A researcher at the University of East Anglia in the U.K. has helped design a combination of an unmanned surface vessel and an autonomous underwater vehicle to deploy research equipment in remote and inaccessible ocean locations. The AutoNaut has been specially adapted to carry and release underwater Seagliders. The gliders carry a range of sensors to collect data for research on ocean processes to better understand climate.
The Seagliders are the same size as a small human diver, but can reach depths of 1,000 m (3,000 ft.) and travel the ocean by itself for months, covering thousands of kilometers. However, they are difficult to launch inshore and usually have to be deployed from ships, which can make timing their release tricky.
It can also take a long time, and a lot of battery life, to reach remote study sites. Other locations can be dangerous to access because of piracy or political tensions.
AutoNaut modeled on colony organisms
Built by U.K. firm AutoNaut Ltd., the 5-meter-long AutoNaut can be deployed from a beach or a ship, and it can wait in position until the Seaglider is ready to be released by remote pilots.
The AutoNaut is propelled by the motion of the waves and carries a range of sensors for meteorology and/or oceanography, including atmospheric pressure, air temperature and humidity, wind speed and sea surface temperature. Its systems and sensors are powered by solar panels. It is also designed to withstand heavy seas, is self-righting, and can be piloted using satellite communication.
The new vessel has been named “Caravela” by Karen Heywood, a professor at the Centre for Ocean and Atmospheric Sciences at the University of East Anglia (UEA). She came up with the idea of having a robot that could deploy the Seaglider. It is named after the Portuguese man-o’-war — a colony of creatures working together, often incorrectly called a jellyfish — that drifts with surface currents.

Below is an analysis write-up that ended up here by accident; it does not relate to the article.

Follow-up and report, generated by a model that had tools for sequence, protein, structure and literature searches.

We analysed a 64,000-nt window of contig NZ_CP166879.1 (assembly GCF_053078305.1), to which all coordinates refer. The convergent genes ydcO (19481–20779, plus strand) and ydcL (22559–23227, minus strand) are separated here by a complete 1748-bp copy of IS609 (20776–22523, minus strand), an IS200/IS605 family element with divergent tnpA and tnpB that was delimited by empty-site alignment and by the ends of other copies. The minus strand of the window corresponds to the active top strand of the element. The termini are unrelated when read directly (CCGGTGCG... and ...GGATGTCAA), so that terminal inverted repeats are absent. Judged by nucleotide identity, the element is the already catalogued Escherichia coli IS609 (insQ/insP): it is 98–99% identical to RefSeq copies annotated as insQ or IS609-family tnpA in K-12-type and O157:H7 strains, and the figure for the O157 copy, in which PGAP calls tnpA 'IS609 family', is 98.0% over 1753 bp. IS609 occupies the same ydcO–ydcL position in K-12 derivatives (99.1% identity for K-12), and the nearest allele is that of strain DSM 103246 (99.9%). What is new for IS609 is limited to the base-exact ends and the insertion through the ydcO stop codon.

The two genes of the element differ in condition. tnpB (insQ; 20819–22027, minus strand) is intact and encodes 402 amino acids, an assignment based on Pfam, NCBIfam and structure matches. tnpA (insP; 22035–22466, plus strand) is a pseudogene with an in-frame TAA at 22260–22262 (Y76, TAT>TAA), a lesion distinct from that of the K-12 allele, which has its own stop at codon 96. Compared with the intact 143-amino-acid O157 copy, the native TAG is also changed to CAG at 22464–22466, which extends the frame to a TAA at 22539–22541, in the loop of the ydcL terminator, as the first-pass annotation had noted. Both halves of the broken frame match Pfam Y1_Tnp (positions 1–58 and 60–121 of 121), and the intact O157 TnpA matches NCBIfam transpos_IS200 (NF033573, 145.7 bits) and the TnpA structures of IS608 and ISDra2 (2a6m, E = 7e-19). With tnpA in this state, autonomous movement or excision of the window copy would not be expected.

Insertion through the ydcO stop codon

The design, build and science missions of Caravela are funded by a €3.5 million ($3.89 million) research grant that the European Research Council awarded to Prof. Heywood.
This month, Caravela will be tested in the Atlantic Ocean, off the coast of Barbados, as part of a major international experiment to track the formation of clouds and their role in the climate system. Launched from shore, the unmanned marine vessel will make her way to an ocean area to the east of Barbados, known as Tradewind Alley.
The UEA team will use combined surface vehicle and glider measurements to understand how the ocean temperatures affect the layer of air above, and how the winds and sunshine affect the top tens of meters of the ocean.
“We are really excited to have worked with AutoNaut UK on the development of Caravela,” said Heywood. “We can now send a Seaglider into the middle of an ocean basin without having to use a ship, and where it is too dangerous to send one.”
“This means we can reserve the glider battery for the science, so it will have longer endurance,” she added. “It also gives us the ability to more accurately decide when to release the glider, for example ahead of the spring bloom or an extreme weather event.”
“Having sensors on both the AutoNaut and the Seaglider means we’ll get simultaneous meteorological and oceanographic measurements, giving us a more detailed picture of conditions at the study site and helping to further our understanding of factors affecting our climate,” Heywood explained.
“It has been a fantastic and rewarding challenge working with Karen and her world-class team at UEA,” said Pete Bromley, managing director of AutoNaut. “Deploying an ocean robot on an ocean robot is ground-breaking science. We wish them all the best on this next mission and look forward to future collaborations.”
The long-term goal is to use Caravela in the Antarctic and anywhere else that is remote or difficult to access.